This week marks the launch of SOIFs report on Features of effective systemic foresight in governments around the world commissioned by the UK Government Office for Science. The capability to engage and prepare for the future is a critical one for 21st century democracies. Strategic foresight can help.
Making foresight effective
The report explores how eight governments have developed their foresight capabilities over time and integrated long-term thinking into policy making.
Exploring policy-making under conditions of deep uncertainty is hard. Thinking about the future has always been an implicit part of strategy and policy-making, within the UK. Internationally, there is renewed appetite for managing uncertainty, building resilience, and leading into the future. This can be seen at the highest levels of civil service, in parliament, and among ministers. The debate is no longer about whether strategic foresight can bring value. Now the focus is based on application, how to gain impact and ensure it translates into decision making.
Integrating systemic foresight
The report sets out why it is so important to consider taking a systemic approach when building government capability. This will use the full breadth of a country’s governance system. Examples include, the civil service or the legislature in cases such as Finland and Wales, the judiciary in Netherlands, and treasury and audit functions in New Zealand and United States. The report also highlights the importance of public participation and engagement.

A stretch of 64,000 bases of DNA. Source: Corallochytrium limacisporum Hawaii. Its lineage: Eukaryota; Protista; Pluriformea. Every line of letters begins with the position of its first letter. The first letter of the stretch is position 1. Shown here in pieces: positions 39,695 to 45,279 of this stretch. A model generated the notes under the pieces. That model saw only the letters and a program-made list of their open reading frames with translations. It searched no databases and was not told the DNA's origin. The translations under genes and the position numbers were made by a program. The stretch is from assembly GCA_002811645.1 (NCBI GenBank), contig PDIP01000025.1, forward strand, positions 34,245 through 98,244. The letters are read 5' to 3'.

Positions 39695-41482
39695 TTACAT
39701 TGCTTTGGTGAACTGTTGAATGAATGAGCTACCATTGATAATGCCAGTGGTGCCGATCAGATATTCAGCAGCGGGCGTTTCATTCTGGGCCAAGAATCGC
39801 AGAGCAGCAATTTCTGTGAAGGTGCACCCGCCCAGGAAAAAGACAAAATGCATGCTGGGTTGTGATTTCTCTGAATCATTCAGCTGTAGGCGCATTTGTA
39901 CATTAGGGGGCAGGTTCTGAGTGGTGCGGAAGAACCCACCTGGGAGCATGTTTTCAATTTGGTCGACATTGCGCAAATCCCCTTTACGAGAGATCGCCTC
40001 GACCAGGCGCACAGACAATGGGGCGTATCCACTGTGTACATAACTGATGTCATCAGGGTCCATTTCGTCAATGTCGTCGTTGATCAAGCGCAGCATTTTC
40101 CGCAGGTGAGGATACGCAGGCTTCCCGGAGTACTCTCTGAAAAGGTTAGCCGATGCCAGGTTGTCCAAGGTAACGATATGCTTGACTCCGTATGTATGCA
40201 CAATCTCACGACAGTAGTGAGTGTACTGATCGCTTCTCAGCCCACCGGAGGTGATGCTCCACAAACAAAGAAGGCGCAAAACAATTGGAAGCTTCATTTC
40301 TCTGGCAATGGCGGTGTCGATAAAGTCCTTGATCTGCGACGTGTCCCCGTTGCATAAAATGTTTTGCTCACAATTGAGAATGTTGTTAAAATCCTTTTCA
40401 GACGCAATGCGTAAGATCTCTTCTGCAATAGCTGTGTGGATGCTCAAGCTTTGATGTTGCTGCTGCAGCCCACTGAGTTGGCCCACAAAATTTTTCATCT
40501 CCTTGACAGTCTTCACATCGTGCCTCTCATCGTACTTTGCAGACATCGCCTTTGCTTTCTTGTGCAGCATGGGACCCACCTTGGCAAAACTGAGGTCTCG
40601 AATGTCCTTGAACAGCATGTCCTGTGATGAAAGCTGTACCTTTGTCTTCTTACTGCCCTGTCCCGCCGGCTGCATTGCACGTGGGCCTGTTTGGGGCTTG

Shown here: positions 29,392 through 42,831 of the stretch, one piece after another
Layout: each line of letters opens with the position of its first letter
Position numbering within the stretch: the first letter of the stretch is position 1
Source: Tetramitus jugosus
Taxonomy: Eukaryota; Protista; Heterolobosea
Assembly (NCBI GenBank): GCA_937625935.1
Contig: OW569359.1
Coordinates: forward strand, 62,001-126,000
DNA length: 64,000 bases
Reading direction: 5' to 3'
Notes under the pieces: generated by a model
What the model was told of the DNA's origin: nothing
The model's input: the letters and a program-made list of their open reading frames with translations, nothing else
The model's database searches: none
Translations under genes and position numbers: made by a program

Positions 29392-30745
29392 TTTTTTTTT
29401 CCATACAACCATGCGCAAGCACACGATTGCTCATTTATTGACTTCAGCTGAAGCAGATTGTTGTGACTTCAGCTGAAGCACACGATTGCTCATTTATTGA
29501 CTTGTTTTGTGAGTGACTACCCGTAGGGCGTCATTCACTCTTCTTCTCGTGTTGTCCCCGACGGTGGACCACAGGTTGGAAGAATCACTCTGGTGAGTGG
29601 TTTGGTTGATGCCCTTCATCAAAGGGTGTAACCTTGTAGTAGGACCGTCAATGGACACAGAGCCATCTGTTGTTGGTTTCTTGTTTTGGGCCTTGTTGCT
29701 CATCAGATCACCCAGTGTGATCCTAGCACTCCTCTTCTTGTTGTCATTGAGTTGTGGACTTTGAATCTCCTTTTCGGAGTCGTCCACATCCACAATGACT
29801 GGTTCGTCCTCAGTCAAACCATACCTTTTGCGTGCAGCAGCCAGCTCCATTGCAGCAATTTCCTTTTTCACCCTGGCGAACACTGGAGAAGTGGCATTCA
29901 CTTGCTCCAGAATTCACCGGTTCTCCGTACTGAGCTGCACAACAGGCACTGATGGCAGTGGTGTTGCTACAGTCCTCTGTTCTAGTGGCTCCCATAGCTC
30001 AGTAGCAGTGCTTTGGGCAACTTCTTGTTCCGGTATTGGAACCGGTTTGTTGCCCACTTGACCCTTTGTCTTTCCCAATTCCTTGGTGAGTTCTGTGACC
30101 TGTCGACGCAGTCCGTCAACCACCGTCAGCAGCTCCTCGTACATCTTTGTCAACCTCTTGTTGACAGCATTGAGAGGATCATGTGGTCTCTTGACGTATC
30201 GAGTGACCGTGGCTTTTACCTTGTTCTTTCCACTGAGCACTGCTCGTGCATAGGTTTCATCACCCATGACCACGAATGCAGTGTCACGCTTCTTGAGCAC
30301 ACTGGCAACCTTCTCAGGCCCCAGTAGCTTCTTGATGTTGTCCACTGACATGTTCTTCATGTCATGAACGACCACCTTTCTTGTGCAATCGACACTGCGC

Building long-term systemic change is hard and there is no silver bullet. There are common features and strategies that have helped countries to build their ecosystems. These include aspects of culture and behaviours, systems, processes, and people, that help match supply and demand and build capability throughout the system.
Continue the debate
The features identified in the report are applicable whether you are trying to build foresight at a team, departmental or systems level. Although context matters. As a result, a healthy foresight ecosystem will be able to match supply and demand, but it will also cultivate and nurture the foresight ecosystem, paying attention to the changing context and to the health of constituent parts of the ecosystem. This requires developing systems and processes because these will sustain and build resilience over time, as well as building connections across parts of the foresight ecosystem.
SOIF has extensive expertise in foresight governance and supports government and non-government organisations to drive more impact from their investment in foresight. For more information please contact Emma Bennett at SOIF.